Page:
Supermom VS Supermom

Supermom vs Supermom

There is a certain social pressure on women with children, to work hard for their families, to provide, while simultaneously staying at home and nurturing their children. This obviously is difficult and so it seems that socially we are divided between the two options; in one hand we have mothers who work their forty (or sixty) hours a week to put food on the table and women who are in the position to stay at home with their children.  

A popular opinion is that one group of moms is superior to the other group of moms. What a huge misconception that is. Especially since I’ve personally been both of these moms. 

This is where things begin to deteriorate.  Working parents occasionally feel that they are superior because they need to justify leaving their children to go to work. It is not a crime to provide for my children, even though I can’t be with them all the time. I’m doing the right thing,” they say.

Parents that stay at home tend to feel the same regard. “I am doing the right thing because I am ensured that my children are safe and well taken care of.”

Then the war starts about not doing enough. A long-standing opinion is that women who stay at home to raise children do not work. While another is that women in the workplace do not take care of their children.  Neither of these opinions is true, so in the error of our youth, we don’t understand that sometimes parenting is a shit-dipped coin and that it’s hard either way you go. Let’s break a few stereotypes down:

Working mothers don’t spend enough time with their kids.

This is where we learn about quality over quantity.  It’s important to understand that 30 minutes with your children at dinner is equal to an hour at a playground or that 15 minutes picking books at a library equals a time where you might leave them at home to go to the grocery store. It’s not how long it takes,  it’s how you connect with your kids.

Stay at home moms don’t work.

Excuse me? Do you even know what you’re saying? Ask any daycare worker what they do all day, then add the responsibility of appointments, managing the household finances and provisions – without the benefits of having an extra income. You know what doesn’t work 100% of the time?  The line of thinking that anyone is better or worse because raising children is hard work!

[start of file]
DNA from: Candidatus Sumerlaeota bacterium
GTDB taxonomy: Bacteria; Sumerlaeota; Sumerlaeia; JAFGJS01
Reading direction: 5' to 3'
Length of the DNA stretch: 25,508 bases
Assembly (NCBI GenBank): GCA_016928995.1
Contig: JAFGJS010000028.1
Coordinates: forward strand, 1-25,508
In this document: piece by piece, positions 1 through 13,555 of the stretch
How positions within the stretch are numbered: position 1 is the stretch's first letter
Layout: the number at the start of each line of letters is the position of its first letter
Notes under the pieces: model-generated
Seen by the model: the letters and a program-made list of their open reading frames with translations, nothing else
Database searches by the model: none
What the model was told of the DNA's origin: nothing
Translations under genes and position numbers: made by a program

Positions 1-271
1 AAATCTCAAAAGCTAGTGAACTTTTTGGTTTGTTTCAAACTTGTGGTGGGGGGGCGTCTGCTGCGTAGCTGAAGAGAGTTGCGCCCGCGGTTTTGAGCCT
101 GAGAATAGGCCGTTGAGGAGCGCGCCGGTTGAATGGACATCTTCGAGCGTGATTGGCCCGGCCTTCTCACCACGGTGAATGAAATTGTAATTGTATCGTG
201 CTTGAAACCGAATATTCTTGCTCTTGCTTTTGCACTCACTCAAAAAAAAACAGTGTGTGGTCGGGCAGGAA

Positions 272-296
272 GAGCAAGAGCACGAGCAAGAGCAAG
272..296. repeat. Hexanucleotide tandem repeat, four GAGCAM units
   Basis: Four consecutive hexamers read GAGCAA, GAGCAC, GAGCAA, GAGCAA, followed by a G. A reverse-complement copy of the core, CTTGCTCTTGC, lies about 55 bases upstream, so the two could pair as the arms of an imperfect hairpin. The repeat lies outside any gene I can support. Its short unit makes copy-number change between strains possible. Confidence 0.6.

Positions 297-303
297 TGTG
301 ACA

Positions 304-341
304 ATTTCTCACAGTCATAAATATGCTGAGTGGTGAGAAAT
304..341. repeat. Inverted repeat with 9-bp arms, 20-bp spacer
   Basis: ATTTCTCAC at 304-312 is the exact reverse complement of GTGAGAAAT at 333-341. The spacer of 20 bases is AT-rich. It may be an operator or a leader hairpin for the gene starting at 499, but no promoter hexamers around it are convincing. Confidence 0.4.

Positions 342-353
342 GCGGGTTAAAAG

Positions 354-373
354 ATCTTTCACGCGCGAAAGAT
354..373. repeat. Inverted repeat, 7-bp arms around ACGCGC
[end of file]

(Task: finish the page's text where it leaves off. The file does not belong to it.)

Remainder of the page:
Working moms have cleaner houses because the kids aren’t home.

Myth! NONE of our houses are clean ALL the time! I don’t care how many hours you work,  the crumb snatcher’s still live there. Who is it you are comparing yourself to anyhow and why does it have to be a competition?

Stay at home moms spend all their time cooking and cleaning, so they should have perfect, shining children and homes because hey, they are home all day right? 

No one should have to tell you why that doesn’t make sense, although it IS totally true that the average SAHM spends a lot of time cooking and cleaning. But also…supervising,  planning, chauffeuring, hosting, budgeting, caring, and generally adulting – again without the benefit of an extra income.

Sigh.

In this age, it is mothers against the world. Against starvation, and poverty, brutal judgment from the most shocking places, federal agencies, our adult personal health problems, and anyone else that could mean to separate us from our children or cause harm!

Working parents have it hard! Stay at home parents have it hard! Being a parent is hard!! Comparatively, we are the same, and would you know that if you could peer into the real lives of women, you might find a small longing to experience just a taste of what the other side has…some women aren’t able, while some would much rather be at home, but they have no choice. Yet we bicker on social media, trash each other in chats and comments, and then expect our children to be the next great generation of children, bred for love and respect.

The battlefield of Supermom VS Supermom is in our heads, something society has tried to force us into a box and become. Instead of engaging in the mommy wars of it all, we should be uplifting each other, encouraging each other, but mostly embracing our differences and loving our children with a passion that only mothers know.

Go to sleep with that folks. 

Drop a comment if you’ve ever been harassed for choosing to work away from home or because you stay at home with the kids.